The long-awaited, independent health study by Dr. Jeffrey Nordella, who practiced in Porter Ranch, showed a pattern of symptoms from patients he followed and tested just after the leak was capped in February 2016 and then months later, up until this year.
The Aliso Canyon facility is owned by Sempra Energy, where Kathleen Brown, the sister of California Jerry Brown is a director and has been paid more than $1 million in compensation. Read our report “Jerry Brown’s Ties to the Oil and Gas Industry” for the full story.
Producing oil in California is nearly as polluting as Canadian tar sands
Speaking of California, a new report from Yale Environment 360 finds that oil drilling in the state is nearly as polluting as tar sands mining in western Canada:
The California Air Resources Board does include emissions from steam generation in evaluating oils for its low-carbon fuel standard, and regulators hold oil-field steam generators to stringent standards for traditional pollutants, such as nitrogen oxides and sulfur. But language governing greenhouse gas emissions from transportation fuels, which might have sparked innovation in the oil industry, was written out of a 2015 bill that set higher renewable energy standards for the state’s electric utilities.
Trump hires former ALEC environmental head to Department of Interior
DeSmog’s Steve Horn reports on the industry ties of climate change denier Alex Wynn, President Trump’s new Director of Intergovernmental and External affairs at the Department of Interior, which regulates fossil fuel production on public lands:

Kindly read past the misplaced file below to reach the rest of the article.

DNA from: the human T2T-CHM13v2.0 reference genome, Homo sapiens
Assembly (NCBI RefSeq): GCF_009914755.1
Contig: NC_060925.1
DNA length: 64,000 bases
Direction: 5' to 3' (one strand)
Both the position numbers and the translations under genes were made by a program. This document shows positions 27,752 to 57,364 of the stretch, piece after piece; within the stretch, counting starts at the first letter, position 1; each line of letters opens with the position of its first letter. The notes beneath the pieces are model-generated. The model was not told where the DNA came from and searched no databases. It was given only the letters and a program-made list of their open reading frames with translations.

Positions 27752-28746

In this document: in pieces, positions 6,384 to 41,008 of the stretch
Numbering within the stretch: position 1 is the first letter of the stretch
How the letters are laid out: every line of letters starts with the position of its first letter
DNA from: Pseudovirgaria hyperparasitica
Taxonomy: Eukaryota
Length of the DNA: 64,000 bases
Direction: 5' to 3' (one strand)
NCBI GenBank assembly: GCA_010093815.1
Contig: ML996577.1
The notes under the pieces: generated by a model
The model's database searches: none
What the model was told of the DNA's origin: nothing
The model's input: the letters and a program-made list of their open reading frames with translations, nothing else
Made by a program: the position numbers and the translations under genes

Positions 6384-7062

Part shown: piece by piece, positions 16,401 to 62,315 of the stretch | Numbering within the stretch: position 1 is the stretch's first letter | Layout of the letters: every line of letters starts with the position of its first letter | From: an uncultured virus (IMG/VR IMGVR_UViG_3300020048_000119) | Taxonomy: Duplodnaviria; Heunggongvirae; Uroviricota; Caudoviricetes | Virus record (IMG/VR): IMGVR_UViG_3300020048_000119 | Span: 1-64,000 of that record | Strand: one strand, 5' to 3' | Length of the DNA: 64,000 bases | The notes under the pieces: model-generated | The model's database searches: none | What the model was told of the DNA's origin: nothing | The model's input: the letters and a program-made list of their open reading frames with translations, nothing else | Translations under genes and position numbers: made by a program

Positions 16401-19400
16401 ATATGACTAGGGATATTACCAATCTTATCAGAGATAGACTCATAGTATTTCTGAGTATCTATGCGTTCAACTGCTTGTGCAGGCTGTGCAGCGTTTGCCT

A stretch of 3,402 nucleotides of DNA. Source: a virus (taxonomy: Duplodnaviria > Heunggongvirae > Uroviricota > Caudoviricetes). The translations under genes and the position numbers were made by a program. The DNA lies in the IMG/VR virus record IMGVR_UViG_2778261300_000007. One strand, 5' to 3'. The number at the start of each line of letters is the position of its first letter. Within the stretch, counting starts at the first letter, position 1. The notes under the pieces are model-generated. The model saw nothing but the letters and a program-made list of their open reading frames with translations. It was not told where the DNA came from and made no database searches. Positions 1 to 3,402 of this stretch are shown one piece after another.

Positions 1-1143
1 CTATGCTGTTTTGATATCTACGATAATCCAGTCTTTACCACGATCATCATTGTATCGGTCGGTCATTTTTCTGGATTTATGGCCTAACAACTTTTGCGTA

Wynn worked at ALEC from 2011 to 2013 and then became Director of External Affairs for Edison Electric Institute (EEI), a trade association representing electric utility companies nationwide. Prior to his position at ALEC, Wynn served as Vice President of the Cascade Policy Institute, a part of the State Policy Network (SPN), a national chain of state-level conservative and corporate-funded think-tanks which was started as an ALEC offshoot.
ALEC’s critics have described the organization, a national consortium of mostly Republican Party state legislators and corporate lobbyists, as a “corporate bill mill.” That’s because its lobbyist members convene several times a year with legislators to produce what it calls “model bills” which have ended up as actual legislation thousands of times since the organization’s founding in 1973.
Louisiana rig explosion, pipe rupture spill
In Louisiana, an oil rig owned by Clovelly Oil Company exploded on October 14 and an offshore pipeline owned LLOG Exploration Company ruptured, according to EcoWatch.
The rig explosion injured seven workers and the Coast Guard has suspended its search for one who remains missing. The pipeline spill has leaked an estimated 672,000 gallons so far, double what the company originally reported.
Community activists in Louisiana are currently appealing to the state to force an environmental review of Energy Transfer Partners’ Bayou Bridge Pipeline, which is proposed to impact 454 acres of wetlands along the Gulf Coast.
That’s all for this week! Remember, if you want to receive an email version of this newsletter or have any tips for us, send us an email at email@example.com!